Sometimes, when you need a part or product from your inventory, you may have more than one item in stock. Which one do you pick? In this blog post I want to present a few strategies for choosing which item to take. The most famous one is FIFO, but there are more options available. In my next post I will present similar strategies if you need to start production before the item becomes available.
As said above, this post looks into strategies for deciding which part out of a larger group of parts to pick. The demand could be a customer order or a machine that needs parts to continue working. In any case, you need a part or product, and you have this item readily available. If you have only one item (or only exactly as many as you need), then the rule is simple: Take the one item since you have no other choice. However, if you have more inventory than you need, you have to choose which one to take.
Here we need to distinguish two fundamental different situations:
1) You have (nearly) unlimited capacity to bring material to the place where it is needed. This could be, for example, a delivery process where your ability to ship stuff from your warehouse is much larger than the demand of the customer or the process that consumes the material. In this case you can send anything the customer needs as long as you have it in stock, and the question is only which products to send if you have more products of that type than needed. In other words, if the customer needs three type A’s and you have ten, which three out of ten A’s will you send?
2) You have limited capacity to bring material to the place where it is needed. These are often production processes. You cannot produce all at the same time, but have to make a sequence for production. Here you must look not only at the one product type that the customer at the end wants, but must also consider all products that have to go through the process. In other words, if the customers need three type A, five Type B, and one Type C product, which one do you start with? This will be discussed in the next post.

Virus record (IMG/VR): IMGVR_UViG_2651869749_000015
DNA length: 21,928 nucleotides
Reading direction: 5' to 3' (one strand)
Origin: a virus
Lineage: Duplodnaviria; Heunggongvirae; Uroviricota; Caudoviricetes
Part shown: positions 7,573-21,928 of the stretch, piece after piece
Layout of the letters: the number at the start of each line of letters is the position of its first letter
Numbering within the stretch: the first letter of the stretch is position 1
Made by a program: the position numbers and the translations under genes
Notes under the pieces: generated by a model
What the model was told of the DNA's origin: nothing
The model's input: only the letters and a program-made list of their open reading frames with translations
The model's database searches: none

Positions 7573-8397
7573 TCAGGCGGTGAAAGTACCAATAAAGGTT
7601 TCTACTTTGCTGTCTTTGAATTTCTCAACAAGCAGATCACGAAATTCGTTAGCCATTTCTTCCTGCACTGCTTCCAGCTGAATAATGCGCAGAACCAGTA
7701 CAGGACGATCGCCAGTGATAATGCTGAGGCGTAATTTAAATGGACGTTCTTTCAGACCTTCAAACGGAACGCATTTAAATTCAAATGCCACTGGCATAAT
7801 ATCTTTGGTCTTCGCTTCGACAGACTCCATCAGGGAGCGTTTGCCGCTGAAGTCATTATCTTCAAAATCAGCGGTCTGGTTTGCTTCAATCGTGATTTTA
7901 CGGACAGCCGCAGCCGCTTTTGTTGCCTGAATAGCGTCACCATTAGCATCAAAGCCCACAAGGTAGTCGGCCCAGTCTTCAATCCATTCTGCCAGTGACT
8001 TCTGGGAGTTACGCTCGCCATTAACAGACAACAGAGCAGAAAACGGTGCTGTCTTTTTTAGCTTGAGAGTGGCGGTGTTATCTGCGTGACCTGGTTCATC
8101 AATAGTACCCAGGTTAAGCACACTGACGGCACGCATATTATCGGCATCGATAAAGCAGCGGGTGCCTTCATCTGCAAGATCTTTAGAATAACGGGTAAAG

FIFO – First In, First Out
The most famous and best known method is FIFO (first in, first out). The first item that entered the inventory is the first item that will be removed. The item that is waiting in inventory the longest will always be taken first.
The big benefit of FIFO is that the parts maintain the sequence in which they arrived. This has multiple advantages. If there is a design change, the not-changed parts are sold first. If you need to update all parts, it is easier to determine which parts to update. Similarly, if you notice a systematic error, it is easier to track which ones to fix, and it may even help you understand the cause of the error. This sequence also avoids parts getting much older than others.